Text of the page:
McDonald’s chief executive Steve Easterbrook recently gave a much-anticipated video presentation in which he announced “the initial steps of the company’s turnaround plan.” He really didn’t announce a turnaround plan; he announced an organizational revamp — basically dividing McDonald’s up into four internal “market segments.” The idea being to unite businesses with similar growth strategies rather than those that happen to be geographically contiguous. It may be marginally better than the current organization — though I doubt China and Switzerland, both “high-growth markets” for McDonald’s, actually have many similarities.
The other big initiative is to sell off 3,500 company-owned restaurants to franchisees. This is standard strategy. Selling the restaurants means the corporation makes money off licensing fees and whatnot; since very little capital is involved in this, it leaves the company with a much higher return on investment than if it owned a lot of brick-and-mortar property. However, it is also true that it makes the company harder to control. The chefs at headquarters have some brilliant ideas; but bringing something from inspiration to actual product on the menu is very difficult at McDonald’s because they have to win franchise approval.
The rest of the announcement was financial legerdemain — returning money to shareholders or vague promises of General and Administration (G&A) cost reductions that somehow will fall right to the bottom-line.
The obvious questions confronting McDonald’s:
• How will it compete with more hip or upscale offerings — everything from In-N-Out Burger, to Five Guys Burgers and Fries, to Shake Shack?
• What will it do about menu proliferation and its impact on service time?
• What will McDonald’s mean in the years ahead?
The presentation was silent on all these topics and more.
Strategically, McDonald’s faces the same problem that mainstream supermarket chains do. Not all that long ago, the local supermarket served everyone in the community. Now, markets are fracturing. So the competitive threat is not typically another supermarket trying to do the same thing a little better. The new competitive threat is an Aldi opening down the block, a Costco opening in the neighborhood, a Whole Foods appearing nearby, an Internet shopping service opening, the drug store adding a larger food department that includes more fresh items — none of these shopping iterations take the place of a supermarket, but all threaten its livelihood.
Equally, now one can have breakfast at Starbucks, grab a more upscale burger at BurgerFi, or eat alternative cuisine at Chipotle, and like that old community supermarket, McDonald’s just isn’t clear on how to position itself.
Shortly before the McDonald’s announcement, Chipotle also made an announcement that it was eliminating ingredients containing genetically modified organisms (GMOs) from its menu. It is a brilliant move, deeply cynical and bordering on ridiculous, but brilliant nonetheless. It shows that Chipotle understands its market positioning in a way McDonald’s does not.
Chipotle’s move is a pure marketing genius. There is no indication that eating GMOs is bad for a person, and Chipotle doesn’t make that claim. It can’t. As a matter of fact, if the chain did claim anything of that nature, then it would be sued for product disparagement.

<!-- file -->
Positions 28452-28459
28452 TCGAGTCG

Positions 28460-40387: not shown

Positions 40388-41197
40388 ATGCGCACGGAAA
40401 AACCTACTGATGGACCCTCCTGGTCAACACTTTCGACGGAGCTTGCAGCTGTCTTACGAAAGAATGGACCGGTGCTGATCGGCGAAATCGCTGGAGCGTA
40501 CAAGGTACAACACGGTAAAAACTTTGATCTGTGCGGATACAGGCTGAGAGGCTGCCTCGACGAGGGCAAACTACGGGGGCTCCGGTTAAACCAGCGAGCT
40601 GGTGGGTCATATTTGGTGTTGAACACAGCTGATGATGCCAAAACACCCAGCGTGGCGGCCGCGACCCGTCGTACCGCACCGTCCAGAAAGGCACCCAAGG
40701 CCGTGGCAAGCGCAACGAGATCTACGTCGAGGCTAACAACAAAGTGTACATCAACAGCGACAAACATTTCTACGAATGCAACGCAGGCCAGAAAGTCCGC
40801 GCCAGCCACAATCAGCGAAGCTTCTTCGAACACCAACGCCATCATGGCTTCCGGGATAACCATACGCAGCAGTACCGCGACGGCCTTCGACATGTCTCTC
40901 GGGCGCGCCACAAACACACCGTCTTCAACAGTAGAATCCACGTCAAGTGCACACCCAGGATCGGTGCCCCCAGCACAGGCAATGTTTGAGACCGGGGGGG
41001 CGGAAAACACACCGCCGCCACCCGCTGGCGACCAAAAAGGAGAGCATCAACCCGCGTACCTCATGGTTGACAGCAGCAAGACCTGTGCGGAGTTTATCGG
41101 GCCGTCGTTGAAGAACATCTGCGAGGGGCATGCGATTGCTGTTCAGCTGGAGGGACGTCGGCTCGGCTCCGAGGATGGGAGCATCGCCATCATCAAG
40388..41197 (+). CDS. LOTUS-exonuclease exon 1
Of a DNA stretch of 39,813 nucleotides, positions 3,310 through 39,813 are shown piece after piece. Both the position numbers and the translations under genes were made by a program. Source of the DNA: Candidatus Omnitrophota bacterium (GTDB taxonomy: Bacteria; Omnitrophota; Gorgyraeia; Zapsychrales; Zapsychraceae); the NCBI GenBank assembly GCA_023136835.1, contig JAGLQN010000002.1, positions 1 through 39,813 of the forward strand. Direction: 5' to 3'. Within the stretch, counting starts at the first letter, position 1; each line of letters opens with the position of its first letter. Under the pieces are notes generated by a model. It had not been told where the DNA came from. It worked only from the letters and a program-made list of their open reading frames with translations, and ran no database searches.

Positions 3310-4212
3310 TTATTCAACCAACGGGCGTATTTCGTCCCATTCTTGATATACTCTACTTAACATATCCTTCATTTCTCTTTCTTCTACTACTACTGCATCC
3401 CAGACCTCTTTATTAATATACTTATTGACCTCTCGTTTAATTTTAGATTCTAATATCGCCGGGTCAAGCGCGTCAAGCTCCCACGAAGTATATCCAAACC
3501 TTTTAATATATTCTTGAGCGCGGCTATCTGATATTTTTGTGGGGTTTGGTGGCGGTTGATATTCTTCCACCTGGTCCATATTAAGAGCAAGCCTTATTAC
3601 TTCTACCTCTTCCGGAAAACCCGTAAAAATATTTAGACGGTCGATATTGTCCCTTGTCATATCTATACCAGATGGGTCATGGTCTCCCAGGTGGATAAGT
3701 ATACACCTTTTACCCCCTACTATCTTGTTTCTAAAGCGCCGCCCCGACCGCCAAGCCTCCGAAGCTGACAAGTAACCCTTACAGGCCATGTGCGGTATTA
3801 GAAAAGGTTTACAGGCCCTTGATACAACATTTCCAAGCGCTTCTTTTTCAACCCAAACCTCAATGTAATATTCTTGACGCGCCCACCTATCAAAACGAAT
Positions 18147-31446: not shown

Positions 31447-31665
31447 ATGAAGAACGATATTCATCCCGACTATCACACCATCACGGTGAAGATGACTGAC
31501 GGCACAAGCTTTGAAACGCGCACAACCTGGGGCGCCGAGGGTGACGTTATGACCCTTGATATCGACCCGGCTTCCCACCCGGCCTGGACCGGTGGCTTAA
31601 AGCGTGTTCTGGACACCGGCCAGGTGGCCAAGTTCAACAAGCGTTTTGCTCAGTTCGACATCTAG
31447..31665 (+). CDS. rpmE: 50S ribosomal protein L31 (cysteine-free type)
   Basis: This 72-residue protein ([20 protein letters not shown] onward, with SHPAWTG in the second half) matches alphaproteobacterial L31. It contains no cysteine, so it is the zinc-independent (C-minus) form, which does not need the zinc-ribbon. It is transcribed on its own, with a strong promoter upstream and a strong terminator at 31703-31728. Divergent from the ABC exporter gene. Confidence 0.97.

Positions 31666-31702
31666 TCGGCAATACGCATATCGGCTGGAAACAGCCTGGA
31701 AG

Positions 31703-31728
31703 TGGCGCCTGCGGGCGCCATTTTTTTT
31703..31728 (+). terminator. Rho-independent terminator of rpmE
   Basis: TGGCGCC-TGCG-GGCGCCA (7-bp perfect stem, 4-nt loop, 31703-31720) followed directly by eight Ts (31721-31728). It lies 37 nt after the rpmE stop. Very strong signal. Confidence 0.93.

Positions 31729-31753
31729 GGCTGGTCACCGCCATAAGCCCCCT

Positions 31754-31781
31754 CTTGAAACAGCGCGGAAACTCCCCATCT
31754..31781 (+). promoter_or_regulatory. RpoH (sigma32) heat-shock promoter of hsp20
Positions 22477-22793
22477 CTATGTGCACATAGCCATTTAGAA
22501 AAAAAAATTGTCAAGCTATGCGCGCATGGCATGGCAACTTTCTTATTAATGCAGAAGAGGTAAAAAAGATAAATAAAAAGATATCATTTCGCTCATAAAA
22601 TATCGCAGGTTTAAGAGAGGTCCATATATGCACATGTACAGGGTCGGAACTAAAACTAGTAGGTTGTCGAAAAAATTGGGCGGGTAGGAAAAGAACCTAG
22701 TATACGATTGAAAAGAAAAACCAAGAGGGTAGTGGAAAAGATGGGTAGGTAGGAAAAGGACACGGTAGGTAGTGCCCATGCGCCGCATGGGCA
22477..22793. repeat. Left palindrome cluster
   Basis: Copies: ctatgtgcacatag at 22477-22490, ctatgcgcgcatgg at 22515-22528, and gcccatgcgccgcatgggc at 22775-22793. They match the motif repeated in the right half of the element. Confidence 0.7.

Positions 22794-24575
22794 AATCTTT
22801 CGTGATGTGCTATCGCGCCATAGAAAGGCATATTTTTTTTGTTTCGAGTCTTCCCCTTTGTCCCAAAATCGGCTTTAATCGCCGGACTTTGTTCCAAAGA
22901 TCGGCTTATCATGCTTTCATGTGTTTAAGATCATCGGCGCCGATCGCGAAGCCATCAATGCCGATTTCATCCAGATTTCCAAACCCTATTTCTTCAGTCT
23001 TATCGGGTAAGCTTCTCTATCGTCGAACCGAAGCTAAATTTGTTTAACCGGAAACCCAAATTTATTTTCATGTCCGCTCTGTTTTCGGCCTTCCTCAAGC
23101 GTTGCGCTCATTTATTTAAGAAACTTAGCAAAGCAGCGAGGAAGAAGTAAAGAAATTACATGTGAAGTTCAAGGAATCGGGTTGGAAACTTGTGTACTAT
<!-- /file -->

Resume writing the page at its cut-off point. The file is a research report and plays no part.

Its plan is filled with giant loopholes. Even the normally left-wing folks at the Center for Science in the Public Interest called the position hypocritical — essentially on the grounds that sodas are made with corn syrup, and all corn syrup basically is made with GMO corn.
But Chipotle is not planning on enforcing these rules against the soda companies. Chipotle itself uses very little GMO product — corn tortillas and soybean oil mostly — so renouncing these ingredients is cheap. The big use of GMOs is the soda and the animal feed. But Chipotle doesn’t count the animal feed — that would be pretty expensive to replace.
The big health concerns at Chipotle? The sugar in soda and lots of salt. A recent New York Times article critiquing the chain’s menu said a typical Chipotle meal uses up to a full day’s recommended salt allowance, but there are no plans to deal with either of these issues.
There is a bunch of technicalities proving Chipotle’s position is inconsistent. Chipotle doesn’t like GMOs because GMOs allow farmers to use an herbicide named glyphosate (most commonly associated with Roundup), which kills weeds but not the GMO plants. Sunflowers, which make the new sunflower oil Chipotle is switching to, are bred without GMOs to tolerate ALS inhibitors, another class of herbicides. There is no reason Chipotle should prefer one over the other.
Despite all this, the always incisive essayist and author Virginia Postrel nailed the point: “… even if you don’t care about GMOs, the decision sends a positive signal. It’s a high-profile sign that Chipotle is paying close attention to the ingredients in its food. Replacing GMOs required reworking recipes, finding new suppliers and paying more for canola oil. It demanded concentrated effort. The process reinforces the message that Chipotle isn’t just doing what’s easy or cheap. It reminds customers that the company isn’t delivering generic, mass-market meals … Chipotle cares about the food.”
If McDonald’s wants to succeed, it doesn’t need to reorganize which country is in which division. It needs to answer the question: “What does McDonald’s care about?”